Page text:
7.) Walk on Town Lake, 2:00 p.m.
To walk off brunch, Lucy suggests you both walk the Town Lake Hike and Bike Trail in Downtown Austin. You say to Lucy, “Wait, isn’t this called Lady Bird Lake?” and she says, “Yeah, but nobody calls it that,” and then you ask, “Wait, is this even a lake? It looks like a river,” and she says, “Yeah, tell me about it.” As you walk on the trail, you see so many smiley, happy people. They say “hello” and “excuse me” and “nice sunglasses!” You start rethinking your entire life- your entire existence.
8.) Walk down on South Congress
8.) Drinks and dinner at Easy Tiger, 6:00 p.m.
You and Lucy Google “hottest bars in Austin” and you decide to go to Midnight Cowboy, but SURPRISE!, you didn’t make a reservation and you can’t get in. So you head a few blocks down to beer garden and bakery Easy Tiger. It’s packed as shit, but you’re able to find a spot on the back patio. You and Lucy order a couple of stouts and two giganto pretzels with beer cheese. Two dudes with polo shirts and flip flops, in town for a convention, start hitting on you and Lucy. When one of the dudes, Chad, asks you what you do for a living, you lie and say, “I quit my job and travel the country volunteering for Bernie Sanders.” Chad and his nameless buddy that you and Lucy will later call “Broseph” smile politely and excuse themselves from the table.
9.) Dancing at Barbarella, 10:00 p.m.
You and Lucy have no idea where to go next and you’re afraid if you head back to her place for a bit, you’ll fall asleep. Lucy says, “Remember how much fun we used to have at Barbarella when you’d come down to visit?” and you think, “Shit. That was like six years ago; I’m old. ” But you both head to Barbarella anyways and no one is there yet except for some dude in a leather duster and receding hairline. You overhear him tell the bartender that Robert Smith of The Cure has a restraining order out against him. And that’s when you say to yourself, “That’s it. I’m moving to Austin.”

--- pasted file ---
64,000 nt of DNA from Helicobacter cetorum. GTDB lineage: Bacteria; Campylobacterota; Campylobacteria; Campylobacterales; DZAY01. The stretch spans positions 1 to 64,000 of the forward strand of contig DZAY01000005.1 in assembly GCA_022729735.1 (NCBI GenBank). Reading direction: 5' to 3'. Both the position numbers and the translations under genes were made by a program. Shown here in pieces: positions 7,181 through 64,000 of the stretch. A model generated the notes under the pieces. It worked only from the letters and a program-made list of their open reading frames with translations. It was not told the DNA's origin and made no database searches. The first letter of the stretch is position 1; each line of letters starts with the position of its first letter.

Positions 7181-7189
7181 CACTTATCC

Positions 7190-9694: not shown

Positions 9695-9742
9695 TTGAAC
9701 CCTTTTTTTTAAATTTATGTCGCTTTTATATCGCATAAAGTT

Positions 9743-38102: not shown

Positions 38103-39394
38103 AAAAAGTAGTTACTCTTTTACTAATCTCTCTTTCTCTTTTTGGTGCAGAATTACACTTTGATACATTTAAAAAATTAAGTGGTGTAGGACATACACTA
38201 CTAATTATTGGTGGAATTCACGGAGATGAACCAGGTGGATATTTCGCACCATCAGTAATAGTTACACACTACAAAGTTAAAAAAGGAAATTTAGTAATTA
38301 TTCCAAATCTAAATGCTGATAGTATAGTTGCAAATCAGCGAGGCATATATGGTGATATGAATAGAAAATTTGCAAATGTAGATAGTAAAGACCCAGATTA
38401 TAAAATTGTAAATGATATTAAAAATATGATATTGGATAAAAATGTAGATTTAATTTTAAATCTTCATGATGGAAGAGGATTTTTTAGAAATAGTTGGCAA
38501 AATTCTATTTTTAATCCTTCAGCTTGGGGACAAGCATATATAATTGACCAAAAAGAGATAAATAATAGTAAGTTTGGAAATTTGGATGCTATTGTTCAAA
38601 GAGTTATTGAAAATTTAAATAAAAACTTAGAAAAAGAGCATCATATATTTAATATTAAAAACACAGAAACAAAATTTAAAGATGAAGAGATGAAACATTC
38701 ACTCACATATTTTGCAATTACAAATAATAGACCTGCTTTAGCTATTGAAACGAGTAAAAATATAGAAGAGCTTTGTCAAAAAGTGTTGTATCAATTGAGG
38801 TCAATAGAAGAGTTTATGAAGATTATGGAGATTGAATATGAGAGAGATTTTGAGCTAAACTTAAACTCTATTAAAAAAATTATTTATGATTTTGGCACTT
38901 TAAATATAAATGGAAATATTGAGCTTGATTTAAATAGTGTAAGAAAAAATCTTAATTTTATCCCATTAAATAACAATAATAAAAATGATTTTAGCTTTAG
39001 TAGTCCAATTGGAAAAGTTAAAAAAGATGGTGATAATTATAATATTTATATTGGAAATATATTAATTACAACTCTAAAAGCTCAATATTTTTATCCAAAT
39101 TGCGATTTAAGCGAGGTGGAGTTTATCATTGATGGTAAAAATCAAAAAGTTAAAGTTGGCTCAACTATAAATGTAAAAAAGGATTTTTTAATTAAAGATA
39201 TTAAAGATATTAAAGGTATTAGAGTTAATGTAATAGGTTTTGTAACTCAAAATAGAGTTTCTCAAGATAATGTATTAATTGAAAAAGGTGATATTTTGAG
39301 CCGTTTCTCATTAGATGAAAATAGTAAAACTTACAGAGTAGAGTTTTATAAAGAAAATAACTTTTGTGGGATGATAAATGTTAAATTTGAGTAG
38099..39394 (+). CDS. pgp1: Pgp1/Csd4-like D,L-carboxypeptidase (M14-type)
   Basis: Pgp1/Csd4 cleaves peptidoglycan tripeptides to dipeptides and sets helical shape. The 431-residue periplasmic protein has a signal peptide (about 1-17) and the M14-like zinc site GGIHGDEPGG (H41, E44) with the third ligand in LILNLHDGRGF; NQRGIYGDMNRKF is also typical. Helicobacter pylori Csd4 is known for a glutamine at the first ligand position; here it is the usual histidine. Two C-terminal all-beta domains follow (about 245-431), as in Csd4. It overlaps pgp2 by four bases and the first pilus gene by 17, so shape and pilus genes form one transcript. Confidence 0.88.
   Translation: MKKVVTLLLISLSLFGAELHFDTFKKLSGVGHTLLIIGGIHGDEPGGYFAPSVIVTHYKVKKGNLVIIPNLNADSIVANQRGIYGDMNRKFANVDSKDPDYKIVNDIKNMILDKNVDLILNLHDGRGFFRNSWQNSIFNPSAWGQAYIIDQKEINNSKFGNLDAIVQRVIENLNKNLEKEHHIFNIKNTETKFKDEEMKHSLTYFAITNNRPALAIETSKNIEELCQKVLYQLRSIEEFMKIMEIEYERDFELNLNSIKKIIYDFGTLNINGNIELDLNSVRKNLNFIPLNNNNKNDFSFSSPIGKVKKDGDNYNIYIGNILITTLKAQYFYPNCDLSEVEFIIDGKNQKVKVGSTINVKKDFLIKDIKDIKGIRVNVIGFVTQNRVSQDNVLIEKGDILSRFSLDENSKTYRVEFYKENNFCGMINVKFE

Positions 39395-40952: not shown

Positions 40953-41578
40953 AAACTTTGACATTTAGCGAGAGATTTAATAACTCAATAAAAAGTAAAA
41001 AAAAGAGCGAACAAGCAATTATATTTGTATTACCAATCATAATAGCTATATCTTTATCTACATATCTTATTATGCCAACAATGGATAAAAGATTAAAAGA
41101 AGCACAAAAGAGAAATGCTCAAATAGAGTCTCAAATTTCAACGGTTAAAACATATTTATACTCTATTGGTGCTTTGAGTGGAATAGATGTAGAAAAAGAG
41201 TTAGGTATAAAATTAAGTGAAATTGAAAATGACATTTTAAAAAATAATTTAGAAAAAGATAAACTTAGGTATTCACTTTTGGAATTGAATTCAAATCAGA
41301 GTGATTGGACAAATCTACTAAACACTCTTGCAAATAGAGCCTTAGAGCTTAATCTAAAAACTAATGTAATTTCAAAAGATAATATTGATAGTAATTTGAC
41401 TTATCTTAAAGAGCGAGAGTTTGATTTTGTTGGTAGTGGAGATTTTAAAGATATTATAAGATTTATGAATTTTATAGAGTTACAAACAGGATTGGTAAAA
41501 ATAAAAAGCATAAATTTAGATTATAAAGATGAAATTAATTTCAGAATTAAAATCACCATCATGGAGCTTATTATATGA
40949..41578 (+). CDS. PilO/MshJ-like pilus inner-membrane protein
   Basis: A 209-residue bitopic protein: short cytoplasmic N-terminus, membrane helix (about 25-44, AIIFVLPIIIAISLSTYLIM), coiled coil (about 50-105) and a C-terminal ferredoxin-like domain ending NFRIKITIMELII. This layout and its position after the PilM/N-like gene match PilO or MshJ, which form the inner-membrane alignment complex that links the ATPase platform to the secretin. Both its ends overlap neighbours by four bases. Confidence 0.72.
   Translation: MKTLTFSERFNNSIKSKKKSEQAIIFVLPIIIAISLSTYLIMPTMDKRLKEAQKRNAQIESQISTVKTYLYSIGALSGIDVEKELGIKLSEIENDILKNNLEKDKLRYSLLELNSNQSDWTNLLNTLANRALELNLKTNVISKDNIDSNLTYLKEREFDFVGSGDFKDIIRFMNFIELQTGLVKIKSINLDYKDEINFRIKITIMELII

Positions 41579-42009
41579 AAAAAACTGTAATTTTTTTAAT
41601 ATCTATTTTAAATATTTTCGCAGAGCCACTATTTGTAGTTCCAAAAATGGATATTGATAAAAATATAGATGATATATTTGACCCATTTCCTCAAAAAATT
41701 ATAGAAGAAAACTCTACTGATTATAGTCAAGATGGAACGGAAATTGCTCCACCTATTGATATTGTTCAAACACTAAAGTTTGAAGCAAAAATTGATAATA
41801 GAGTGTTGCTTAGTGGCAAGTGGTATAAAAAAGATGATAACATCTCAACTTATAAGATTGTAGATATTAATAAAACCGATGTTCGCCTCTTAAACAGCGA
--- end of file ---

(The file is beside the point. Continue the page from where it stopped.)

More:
10.) Lucy’s couch, 11:00 a.m.
As you’re lying on Lucy’s couch, so many thoughts are running through your head, “Can I give up my life in NYC and make a living in Austin? Will I ever see Joe again? Did I gain five pounds this weekend? Do I still have time to get tacos before we head to the airport?” You don’t have time to shower, pack and get tacos, but Lucy promises that there are some sweet local restaurants at the airport.
11.) Austin-Bergstrom Airport, 1:00 p.m.
As you wait at the airport, a Maudie’s Tex-Mex taco in hand, you notice a local musician setting up to play an acoustic set and a single tear rolls down your face.
You are in love, lovely Lauren. So many people have probably read your post anf yelled NO! DON’T COME HERE (TO AUSTIN)!!! YOU ARE A HIPSTER! THIS TOWN HAS BEEN INVADED BY SO MANY WHITE PEOPLE WHO ARE WILLING TO PAY 54 BUCKS FOR LONESTAR AT THE HIP PLACE WHERE ALL THE HIP PEOPLE DRINK BEFORE THEIR 10PM SLEEP. But, I disagree whole heartedly because Texas is wonderful expansive snd so very inspiring. So Don’t listen to the haters who hsve negated our beatific Republic of AUSTIN, where our motto is: All are welcome. Just pleasee be kind and don’t feed the musicians past 9m or get our bums wet. Yours Truly
Haha. That Easy Tiger description sounds very familiar.
I embellished a little bit, but year… 😉
You had me at Jeff Goldblum.
Lauren, AWESOME job. I will be visiting Austin in October (sadly, not for SWXS) and love to read local blogs about what is actually fun to go to and not what NYT posts because by that point it’s so popular there is no way in hell you will get to actually feel the vibe of the city. Might you suggest a few other activities or things to do in October? Would love to hear any suggestions!
Lovely blog (really…it’s great), but can’t you think of another word besides “shit” to describe stuff?